18. Nucleosynthesis in Supernovae

    Science.gov (United States)

    Thielemann, Friedrich-Karl; Isern, Jordi; Perego, Albino; von Ballmoos, Peter

    2018-04-01

    We present the status and open problems of nucleosynthesis in supernova explosions of both types, responsible for the production of the intermediate mass, Fe-group and heavier elements (with the exception of the main s-process). Constraints from observations can be provided through individual supernovae (SNe) or their remnants (e.g. via spectra and gamma-rays of decaying unstable isotopes) and through surface abundances of stars which witness the composition of the interstellar gas at their formation. With a changing fraction of elements heavier than He in these stars (known as metallicity) the evolution of the nucleosynthesis in galaxies over time can be determined. A complementary way, related to gamma-rays from radioactive decays, is the observation of positrons released in β+-decays, as e.g. from ^{26}Al, ^{44}Ti, ^{56,57}Ni and possibly further isotopes of their decay chains (in competition with the production of e+e- pairs in acceleration shocks from SN remnants, pulsars, magnetars or even of particle physics origin). We discuss (a) the role of the core-collapse supernova explosion mechanism for the composition of intermediate mass, Fe-group (and heavier?) ejecta, (b) the transition from neutron stars to black holes as the final result of the collapse of massive stars, and the relation of the latter to supernovae, faint supernovae, and gamma-ray bursts/hypernovae, (c) Type Ia supernovae and their nucleosynthesis (e.g. addressing the ^{55}Mn puzzle), plus (d) further constraints from galactic evolution, γ-ray and positron observations. This is complemented by the role of rare magneto-rotational supernovae (related to magnetars) in comparison with the nucleosynthesis of compact binary mergers, especially with respect to forming the heaviest r-process elements in galactic evolution.

  19. Cosmic Supernova Rate History and Type Ia Supernova Progenitors

    OpenAIRE

    Kobayashi, Chiaki; Nomoto, Ken'ichi; Tsujimoto, Takuji

    2001-01-01

    Adopting a single degenerate scenario for Type Ia supernova progenitors with the metallicity effect, we make a prediction of the cosmic supernova rate history as a composite of the supernova rates in spiral and elliptical galaxies, and compare with the recent observational data up to z ~ 0.55.

  20. Left Behind: A Bound Remnant from a White Dwarf Supernova?

    Science.gov (United States)

    Jha, Saurabh

    2017-08-01

    Type Ia supernovae (SN Ia) have enormous importance to cosmology and astrophysics, but their progenitors and explosion mechanisms are not understood in detail. Recently, observations and theoretical models have suggested that not all thermonuclear white-dwarf supernova explosions are normal SN Ia. In particular, type Iax supernovae (peculiar cousins to SN Ia), are thought to be exploding white dwarfs that are not completely disrupted, leaving behind a bound remnant. In deep and serendipitous HST pre-explosion data, we have discovered a luminous, blue progenitor system for the type Iax SN 2012Z in NGC 1309, which we interpret as a helium-star donor to the exploding white dwarf. HST observations of SN 2012Z in 2016, when the supernova light was expected to have faded away, still show a source at the location, as expected in our model where the pre-explosion flux was coming from the companion. However, the 2016 data also show a surprise: an excess flux compared to the progenitor system. Our proposed observations here will help unravel the mystery of that excess flux: is it from the bound ex-white dwarf remnant? Or is it from the shocked companion star that has been bombarded by supernova ejecta? Either of these possibilities would provide key new evidence as to the nature of these white dwarf supernovae.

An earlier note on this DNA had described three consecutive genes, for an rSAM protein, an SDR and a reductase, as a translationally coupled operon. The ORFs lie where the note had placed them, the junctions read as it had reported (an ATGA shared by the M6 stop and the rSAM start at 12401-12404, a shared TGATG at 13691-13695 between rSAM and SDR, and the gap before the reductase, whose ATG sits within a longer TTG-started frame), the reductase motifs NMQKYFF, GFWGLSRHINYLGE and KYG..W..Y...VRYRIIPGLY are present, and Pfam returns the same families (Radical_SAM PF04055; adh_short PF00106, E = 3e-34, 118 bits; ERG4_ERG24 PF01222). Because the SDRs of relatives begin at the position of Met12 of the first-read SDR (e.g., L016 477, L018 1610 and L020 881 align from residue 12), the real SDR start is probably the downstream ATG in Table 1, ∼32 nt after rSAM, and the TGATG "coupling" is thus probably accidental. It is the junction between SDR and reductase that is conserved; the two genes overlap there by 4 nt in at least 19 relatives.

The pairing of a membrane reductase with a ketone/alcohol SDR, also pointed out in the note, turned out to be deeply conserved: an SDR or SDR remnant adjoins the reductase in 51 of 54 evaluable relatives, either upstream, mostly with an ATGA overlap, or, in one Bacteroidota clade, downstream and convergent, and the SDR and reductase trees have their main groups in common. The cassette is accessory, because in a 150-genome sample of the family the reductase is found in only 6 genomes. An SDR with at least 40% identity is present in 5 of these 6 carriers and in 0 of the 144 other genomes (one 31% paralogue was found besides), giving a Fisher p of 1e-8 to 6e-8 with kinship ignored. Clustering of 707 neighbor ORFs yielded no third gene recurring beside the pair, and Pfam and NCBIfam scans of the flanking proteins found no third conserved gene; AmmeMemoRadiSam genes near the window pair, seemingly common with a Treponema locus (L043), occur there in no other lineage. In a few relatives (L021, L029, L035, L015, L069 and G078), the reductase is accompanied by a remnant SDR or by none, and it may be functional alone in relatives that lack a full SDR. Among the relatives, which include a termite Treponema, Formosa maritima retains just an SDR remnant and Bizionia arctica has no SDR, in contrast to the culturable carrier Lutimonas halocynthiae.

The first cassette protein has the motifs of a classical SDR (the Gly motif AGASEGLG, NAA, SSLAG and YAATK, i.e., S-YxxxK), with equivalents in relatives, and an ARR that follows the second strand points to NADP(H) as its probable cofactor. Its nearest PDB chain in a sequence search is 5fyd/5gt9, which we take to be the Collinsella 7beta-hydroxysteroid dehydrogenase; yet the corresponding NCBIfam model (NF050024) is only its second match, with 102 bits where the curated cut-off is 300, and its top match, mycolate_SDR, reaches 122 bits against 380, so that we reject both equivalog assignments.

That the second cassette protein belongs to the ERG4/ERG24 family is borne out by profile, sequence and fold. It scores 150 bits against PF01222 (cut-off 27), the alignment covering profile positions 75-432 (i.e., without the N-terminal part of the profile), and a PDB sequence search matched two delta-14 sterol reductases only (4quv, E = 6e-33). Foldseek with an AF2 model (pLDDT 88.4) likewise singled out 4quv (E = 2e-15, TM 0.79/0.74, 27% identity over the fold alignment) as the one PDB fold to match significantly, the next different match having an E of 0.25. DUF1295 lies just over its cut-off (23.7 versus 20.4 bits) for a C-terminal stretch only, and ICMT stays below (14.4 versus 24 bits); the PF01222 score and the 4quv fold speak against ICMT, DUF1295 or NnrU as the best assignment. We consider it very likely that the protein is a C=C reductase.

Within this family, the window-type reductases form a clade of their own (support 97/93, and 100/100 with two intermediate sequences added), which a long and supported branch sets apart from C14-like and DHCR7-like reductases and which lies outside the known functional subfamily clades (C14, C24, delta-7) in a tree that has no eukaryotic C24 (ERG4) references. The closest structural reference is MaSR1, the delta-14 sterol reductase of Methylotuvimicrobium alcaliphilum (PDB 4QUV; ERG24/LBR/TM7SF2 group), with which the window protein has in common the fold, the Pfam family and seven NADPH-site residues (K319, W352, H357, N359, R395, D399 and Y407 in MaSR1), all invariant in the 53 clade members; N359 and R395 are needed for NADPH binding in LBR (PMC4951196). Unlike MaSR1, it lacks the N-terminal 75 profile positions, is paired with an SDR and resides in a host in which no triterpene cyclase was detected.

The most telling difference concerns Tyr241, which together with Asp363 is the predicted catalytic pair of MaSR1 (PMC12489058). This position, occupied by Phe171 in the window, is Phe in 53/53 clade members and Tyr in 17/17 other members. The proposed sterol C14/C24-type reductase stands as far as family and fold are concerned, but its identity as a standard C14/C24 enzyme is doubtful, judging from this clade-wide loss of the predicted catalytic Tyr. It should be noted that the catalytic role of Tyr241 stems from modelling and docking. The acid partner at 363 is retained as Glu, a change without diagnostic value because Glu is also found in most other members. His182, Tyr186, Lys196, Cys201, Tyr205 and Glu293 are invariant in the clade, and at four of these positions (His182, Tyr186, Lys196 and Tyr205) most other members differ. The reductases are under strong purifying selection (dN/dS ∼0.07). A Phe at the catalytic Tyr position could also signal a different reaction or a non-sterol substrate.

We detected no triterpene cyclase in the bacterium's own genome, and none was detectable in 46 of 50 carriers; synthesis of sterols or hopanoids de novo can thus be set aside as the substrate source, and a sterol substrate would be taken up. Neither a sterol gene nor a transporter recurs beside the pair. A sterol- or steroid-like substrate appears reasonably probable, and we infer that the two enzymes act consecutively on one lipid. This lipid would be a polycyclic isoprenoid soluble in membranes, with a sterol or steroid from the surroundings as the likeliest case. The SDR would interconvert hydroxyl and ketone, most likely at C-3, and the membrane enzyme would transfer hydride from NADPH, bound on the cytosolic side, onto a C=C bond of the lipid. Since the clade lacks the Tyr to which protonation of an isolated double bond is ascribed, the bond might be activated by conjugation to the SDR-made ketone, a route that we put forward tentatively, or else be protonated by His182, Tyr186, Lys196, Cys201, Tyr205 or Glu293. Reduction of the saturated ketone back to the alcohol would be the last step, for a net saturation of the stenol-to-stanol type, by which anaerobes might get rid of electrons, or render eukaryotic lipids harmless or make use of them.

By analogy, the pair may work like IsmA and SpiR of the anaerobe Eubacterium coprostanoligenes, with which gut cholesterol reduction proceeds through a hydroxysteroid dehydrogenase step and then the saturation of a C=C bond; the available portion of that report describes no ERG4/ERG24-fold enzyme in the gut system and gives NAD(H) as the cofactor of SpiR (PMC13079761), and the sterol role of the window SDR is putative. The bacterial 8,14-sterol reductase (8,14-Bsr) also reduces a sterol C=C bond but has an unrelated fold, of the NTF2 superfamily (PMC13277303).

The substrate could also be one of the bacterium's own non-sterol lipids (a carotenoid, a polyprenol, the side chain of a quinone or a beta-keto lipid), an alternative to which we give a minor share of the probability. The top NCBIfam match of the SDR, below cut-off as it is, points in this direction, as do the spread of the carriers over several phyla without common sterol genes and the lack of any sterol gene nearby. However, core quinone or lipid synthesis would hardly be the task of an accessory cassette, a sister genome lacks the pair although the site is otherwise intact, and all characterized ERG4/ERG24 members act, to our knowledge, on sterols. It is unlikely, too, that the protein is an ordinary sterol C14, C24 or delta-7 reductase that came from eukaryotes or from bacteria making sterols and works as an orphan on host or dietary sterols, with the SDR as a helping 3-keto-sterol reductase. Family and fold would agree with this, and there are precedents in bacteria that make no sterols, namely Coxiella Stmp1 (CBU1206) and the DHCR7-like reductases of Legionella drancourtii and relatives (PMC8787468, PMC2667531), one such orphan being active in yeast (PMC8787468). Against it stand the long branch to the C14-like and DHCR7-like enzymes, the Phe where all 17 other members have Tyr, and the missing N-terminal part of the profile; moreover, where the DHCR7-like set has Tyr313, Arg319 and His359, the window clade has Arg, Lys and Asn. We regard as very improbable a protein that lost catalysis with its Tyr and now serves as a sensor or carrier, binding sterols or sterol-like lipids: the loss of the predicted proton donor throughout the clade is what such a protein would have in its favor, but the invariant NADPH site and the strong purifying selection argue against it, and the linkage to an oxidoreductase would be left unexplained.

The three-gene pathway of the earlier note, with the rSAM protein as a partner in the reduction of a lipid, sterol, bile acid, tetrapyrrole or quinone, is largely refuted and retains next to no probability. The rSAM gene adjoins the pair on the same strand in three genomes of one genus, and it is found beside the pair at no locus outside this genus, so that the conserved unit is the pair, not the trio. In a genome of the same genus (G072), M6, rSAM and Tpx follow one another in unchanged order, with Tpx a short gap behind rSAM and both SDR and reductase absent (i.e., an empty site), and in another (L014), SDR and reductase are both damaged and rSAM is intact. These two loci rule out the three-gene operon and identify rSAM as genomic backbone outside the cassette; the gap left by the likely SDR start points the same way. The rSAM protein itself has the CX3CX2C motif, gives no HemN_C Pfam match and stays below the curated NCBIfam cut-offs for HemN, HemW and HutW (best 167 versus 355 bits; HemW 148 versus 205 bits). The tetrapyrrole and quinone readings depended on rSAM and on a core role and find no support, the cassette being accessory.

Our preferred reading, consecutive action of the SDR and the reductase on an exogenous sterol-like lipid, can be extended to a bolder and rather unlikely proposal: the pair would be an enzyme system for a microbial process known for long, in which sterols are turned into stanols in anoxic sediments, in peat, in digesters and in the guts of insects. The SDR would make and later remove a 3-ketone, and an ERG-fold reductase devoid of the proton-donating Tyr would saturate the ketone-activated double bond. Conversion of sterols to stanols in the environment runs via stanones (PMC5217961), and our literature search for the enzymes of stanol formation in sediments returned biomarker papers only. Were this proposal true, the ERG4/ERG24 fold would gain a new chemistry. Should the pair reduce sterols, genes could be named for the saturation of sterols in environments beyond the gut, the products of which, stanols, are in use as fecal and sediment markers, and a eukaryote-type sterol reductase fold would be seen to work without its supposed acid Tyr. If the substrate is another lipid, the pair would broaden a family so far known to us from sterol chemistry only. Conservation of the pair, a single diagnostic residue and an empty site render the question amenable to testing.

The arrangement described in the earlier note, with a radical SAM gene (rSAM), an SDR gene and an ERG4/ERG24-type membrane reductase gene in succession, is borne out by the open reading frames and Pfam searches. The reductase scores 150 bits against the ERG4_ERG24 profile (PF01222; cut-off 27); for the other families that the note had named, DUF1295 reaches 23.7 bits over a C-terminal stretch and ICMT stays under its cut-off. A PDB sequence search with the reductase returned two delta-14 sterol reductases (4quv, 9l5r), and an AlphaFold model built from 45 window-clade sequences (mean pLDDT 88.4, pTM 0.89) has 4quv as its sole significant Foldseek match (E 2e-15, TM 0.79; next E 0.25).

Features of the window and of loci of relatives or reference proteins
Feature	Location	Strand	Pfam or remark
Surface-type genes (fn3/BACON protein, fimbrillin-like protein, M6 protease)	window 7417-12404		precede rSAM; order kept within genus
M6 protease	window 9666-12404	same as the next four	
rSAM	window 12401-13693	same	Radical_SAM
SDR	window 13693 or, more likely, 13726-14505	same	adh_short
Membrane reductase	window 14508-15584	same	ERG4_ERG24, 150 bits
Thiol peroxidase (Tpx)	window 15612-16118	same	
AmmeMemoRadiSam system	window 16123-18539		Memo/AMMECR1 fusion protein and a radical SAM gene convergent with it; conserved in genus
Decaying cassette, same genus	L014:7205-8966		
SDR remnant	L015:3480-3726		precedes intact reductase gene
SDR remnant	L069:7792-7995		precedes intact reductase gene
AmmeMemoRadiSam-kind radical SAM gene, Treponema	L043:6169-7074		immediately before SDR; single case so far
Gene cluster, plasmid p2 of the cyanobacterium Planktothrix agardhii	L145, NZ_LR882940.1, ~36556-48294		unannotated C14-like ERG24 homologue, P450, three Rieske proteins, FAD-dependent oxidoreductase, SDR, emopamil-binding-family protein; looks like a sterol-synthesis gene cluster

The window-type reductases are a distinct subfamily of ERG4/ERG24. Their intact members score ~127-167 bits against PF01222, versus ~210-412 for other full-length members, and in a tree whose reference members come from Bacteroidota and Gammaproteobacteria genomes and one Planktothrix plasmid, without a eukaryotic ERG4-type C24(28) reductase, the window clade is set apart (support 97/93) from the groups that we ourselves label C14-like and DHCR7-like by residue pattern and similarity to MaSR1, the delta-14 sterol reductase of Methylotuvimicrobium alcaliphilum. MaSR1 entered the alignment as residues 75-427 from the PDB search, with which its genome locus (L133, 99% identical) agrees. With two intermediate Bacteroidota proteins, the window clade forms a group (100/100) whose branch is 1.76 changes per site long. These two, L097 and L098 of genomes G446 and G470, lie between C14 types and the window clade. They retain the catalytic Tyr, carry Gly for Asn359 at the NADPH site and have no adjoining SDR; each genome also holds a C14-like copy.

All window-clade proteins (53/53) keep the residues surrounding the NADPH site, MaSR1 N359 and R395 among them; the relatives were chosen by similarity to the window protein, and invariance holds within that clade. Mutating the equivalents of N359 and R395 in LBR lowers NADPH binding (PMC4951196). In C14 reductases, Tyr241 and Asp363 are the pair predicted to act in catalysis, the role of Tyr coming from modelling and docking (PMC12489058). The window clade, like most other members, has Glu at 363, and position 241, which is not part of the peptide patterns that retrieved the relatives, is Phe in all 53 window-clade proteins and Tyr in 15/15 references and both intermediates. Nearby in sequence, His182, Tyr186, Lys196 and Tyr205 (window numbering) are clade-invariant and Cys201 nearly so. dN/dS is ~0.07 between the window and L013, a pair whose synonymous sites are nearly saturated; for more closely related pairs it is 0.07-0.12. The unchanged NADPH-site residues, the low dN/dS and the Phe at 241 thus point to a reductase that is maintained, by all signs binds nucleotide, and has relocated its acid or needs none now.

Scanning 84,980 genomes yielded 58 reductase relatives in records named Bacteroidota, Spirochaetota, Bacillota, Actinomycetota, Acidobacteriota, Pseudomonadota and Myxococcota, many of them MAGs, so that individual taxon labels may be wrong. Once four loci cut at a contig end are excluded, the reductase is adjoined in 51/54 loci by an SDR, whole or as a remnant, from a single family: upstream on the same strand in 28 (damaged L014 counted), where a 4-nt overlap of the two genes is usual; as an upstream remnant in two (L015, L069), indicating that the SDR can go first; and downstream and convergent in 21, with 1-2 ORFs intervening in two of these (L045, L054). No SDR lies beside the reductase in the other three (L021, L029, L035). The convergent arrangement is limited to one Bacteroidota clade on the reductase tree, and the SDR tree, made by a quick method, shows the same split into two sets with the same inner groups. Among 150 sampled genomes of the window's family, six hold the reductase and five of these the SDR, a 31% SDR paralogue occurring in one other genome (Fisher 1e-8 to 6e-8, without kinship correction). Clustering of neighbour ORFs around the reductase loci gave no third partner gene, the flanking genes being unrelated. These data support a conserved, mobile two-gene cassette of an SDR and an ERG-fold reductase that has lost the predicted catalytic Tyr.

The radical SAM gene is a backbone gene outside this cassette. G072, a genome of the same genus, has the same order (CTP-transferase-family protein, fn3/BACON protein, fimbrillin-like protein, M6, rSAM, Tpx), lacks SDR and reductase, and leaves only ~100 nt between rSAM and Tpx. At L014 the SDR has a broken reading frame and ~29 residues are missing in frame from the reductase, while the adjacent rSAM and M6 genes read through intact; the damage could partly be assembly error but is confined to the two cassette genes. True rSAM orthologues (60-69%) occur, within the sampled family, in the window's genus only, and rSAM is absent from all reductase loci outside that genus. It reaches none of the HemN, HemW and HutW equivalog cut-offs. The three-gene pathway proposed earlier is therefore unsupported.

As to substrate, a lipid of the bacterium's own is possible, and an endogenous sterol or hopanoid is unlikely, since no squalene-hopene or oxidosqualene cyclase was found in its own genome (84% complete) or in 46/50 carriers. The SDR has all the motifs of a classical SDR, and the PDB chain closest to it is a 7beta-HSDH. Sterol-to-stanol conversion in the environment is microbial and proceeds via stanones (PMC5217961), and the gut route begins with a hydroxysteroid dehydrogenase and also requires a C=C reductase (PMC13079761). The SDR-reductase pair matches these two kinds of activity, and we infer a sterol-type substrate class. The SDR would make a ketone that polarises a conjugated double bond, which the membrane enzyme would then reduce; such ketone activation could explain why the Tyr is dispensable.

1. The direct identification of core-collapse supernova progenitors.

    Science.gov (United States)

    Van Dyk, Schuyler D

    2017-10-28

    To place core-collapse supernovae (SNe) in context with the evolution of massive stars, it is necessary to determine their stellar origins. I describe the direct identification of SN progenitors in existing pre-explosion images, particularly those obtained through serendipitous imaging of nearby galaxies by the Hubble Space Telescope I comment on specific cases representing the various core-collapse SN types. Establishing the astrometric coincidence of a SN with its putative progenitor is relatively straightforward. One merely needs a comparably high-resolution image of the SN itself and its stellar environment to perform this matching. The interpretation of these results, though, is far more complicated and fraught with larger uncertainties, including assumptions of the distance to and the extinction of the SN, as well as the metallicity of the SN environment. Furthermore, existing theoretical stellar evolutionary tracks exhibit significant variations one from the next. Nonetheless, it appears fairly certain that Type II-P (plateau) SNe arise from massive stars in the red supergiant phase. Many of the known cases are associated with subluminous Type II-P events. The progenitors of Type II-L (linear) SNe are less established. Among the stripped-envelope SNe, there are now a number of examples of cool, but not red, supergiants (presumably in binaries) as Type IIb progenitors. We appear now finally to have an identified progenitor of a Type Ib SN, but no known example yet for a Type Ic. The connection has been made between some Type IIn SNe and progenitor stars in a luminous blue variable phase, but that link is still thin, based on direct identifications. Finally, I also describe the need to revisit the SN site, long after the SN has faded, to confirm the progenitor identification through the star's disappearance and potentially to detect a putative binary companion that may have survived the explosion.This article is part of the themed issue 'Bridging the gap: from